Transplantation is a cropping technique in a safe structure that offers multiple advantages over conventional field seedlings. This method of transplanting plants provides increased crop uniformity and turnover, greater use of available land, scrutinizing and avoiding low-quality seeds, seedling vigor, decreased pesticide use and labor, along with seed cost savings. Seeds are germinated under optimum environmental conditions of temperature, humidity, light and moisture before transplantation. Proper care and monitoring facilitate rapid and synchronous seedling emergence. Later, these seedlings are replanted or transplanted in a production field, either in soil or hydroponics system. Learn more about transplanting by reading on.
Plants can experience transplant shock when they are relocated from one environment to another. With the change in place, plants are unable to draw sufficient water from its new surroundings. Also, plants need to re-establish its roots in its new location; therefore, encouraging rapid root development is mandatory to restore the ability of the plant’s uptake of water. A small amount of fertilizer often referred as “nutrient charge” is a must while planning a fertility program for transplanting in soil-less conditions. A lower-nutrient charge in the media will lead to additional controlled growth. Fertilizer requirement of these plants varies based on species, tray cell size (larger cells need less fertilizer), and nutrient charge of the growing media (a lesser amount of fertilizer should be used if the media has a high nutrient charge). These transplant fertilizers vary in their percent nitrogen, phosphate (P2O5), potash (K2O) and micronutrient content.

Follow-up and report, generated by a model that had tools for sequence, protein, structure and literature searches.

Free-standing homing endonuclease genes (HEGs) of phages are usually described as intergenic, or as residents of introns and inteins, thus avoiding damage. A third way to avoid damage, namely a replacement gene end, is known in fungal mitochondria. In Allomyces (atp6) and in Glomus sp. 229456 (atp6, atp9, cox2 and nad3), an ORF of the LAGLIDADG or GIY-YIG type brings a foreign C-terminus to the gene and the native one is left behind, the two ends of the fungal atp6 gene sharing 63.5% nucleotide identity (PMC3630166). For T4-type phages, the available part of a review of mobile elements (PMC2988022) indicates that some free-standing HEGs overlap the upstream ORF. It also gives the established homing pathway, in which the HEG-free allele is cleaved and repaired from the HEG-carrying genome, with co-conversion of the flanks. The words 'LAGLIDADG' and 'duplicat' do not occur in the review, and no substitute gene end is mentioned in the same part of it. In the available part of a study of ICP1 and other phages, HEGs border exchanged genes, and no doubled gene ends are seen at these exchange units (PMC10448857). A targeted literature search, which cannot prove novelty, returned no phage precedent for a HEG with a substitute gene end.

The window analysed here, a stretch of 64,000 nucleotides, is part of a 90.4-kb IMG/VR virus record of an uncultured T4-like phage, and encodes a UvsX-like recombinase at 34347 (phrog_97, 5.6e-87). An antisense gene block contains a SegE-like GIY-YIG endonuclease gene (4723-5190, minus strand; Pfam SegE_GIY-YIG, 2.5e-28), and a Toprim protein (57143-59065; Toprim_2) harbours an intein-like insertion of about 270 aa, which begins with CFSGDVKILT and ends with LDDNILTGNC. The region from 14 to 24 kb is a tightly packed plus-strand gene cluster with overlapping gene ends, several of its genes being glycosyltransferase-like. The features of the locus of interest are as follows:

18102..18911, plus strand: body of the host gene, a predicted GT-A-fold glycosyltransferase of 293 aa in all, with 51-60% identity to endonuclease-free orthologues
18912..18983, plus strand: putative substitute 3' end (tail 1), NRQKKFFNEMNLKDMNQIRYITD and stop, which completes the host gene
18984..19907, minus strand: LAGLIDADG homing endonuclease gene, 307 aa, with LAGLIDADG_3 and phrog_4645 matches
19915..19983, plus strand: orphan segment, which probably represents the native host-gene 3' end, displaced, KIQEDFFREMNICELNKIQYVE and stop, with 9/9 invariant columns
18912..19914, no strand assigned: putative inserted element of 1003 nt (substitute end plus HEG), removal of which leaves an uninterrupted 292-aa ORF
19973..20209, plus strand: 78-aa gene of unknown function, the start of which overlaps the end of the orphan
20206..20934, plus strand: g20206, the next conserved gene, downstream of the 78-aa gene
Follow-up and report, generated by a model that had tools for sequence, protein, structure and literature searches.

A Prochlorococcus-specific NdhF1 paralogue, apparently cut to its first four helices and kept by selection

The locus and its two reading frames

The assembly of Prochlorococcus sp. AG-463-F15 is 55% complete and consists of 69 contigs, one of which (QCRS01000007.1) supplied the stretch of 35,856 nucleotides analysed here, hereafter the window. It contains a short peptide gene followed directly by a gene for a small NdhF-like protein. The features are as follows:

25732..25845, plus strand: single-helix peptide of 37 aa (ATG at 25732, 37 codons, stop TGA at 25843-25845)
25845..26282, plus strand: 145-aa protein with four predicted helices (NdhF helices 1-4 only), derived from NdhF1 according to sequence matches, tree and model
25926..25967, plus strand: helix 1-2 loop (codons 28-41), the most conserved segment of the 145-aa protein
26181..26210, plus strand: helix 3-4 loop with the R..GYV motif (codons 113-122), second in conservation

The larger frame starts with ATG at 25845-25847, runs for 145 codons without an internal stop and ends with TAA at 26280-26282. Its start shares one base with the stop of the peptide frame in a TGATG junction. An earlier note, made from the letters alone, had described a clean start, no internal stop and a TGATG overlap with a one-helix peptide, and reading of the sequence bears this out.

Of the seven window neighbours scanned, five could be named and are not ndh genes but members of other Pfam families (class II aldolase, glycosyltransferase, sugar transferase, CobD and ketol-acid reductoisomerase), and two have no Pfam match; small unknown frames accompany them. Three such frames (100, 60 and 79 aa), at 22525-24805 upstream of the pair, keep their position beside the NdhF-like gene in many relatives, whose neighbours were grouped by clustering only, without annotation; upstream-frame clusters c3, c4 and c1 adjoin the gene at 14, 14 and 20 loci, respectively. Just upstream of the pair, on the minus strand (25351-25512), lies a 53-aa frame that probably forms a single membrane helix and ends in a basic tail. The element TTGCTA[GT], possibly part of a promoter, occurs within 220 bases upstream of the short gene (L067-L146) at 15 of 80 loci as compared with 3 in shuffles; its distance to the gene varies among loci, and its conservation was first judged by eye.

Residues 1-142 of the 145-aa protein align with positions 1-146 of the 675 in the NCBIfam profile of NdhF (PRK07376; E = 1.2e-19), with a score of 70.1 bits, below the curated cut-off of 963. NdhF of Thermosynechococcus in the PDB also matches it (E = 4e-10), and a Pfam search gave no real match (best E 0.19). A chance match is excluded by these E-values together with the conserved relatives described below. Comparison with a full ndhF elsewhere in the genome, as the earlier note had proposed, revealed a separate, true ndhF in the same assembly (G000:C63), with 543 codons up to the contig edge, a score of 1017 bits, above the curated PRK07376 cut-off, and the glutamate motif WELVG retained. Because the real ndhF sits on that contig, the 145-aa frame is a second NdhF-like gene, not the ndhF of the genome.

Nitrogen is needed by plants to build proteins grow new tissues. Too much nitrogen, however, can lead to abundant foliage in plants, and thus it may not produce fruit or flowers. Excess Nitrogen supply may stunt growth as the plant isn’t absorbing enough of the other important elements.
Phosphorus encourages root growth, sets buds and flowers, improves vigor and increases seed size by transferring energy from one part of the plant to another.
An ideal transplant fertilizer should have most of the N in nitrate form for active use and little in the form of ammonium or urea. The key nutrient in a transplant fertilizer, phosphate, is less water-soluble than other fertilizers and may precipitate out of solution. Many transplant fertilizers have low-to-medium phosphate concentrations to keep phosphate soluble. Excessive phosphate may stimulate rapid seedling elongation under certain conditions. Therefore, an alternative is to use a fertilizer with no phosphate for most feedings and apply a high-phosphate fertilizer occasionally to promote growth. Withholding phosphate entirely may cause purple coloration along the stem and underside of leaves due to phosphate deficiency.
A transplant fertilizer that decreases the risk of plant injury, and provides an adequate rate of phosphorus at a low EC and an affordable price is desirable. Spraying foliage during transplantation with liquid nutrients like Emerald Goddess can produce exceptional yields. Additionally, try to keep the root ball intact and maintain adequate moisture in the grow medium to minimize transplant shock.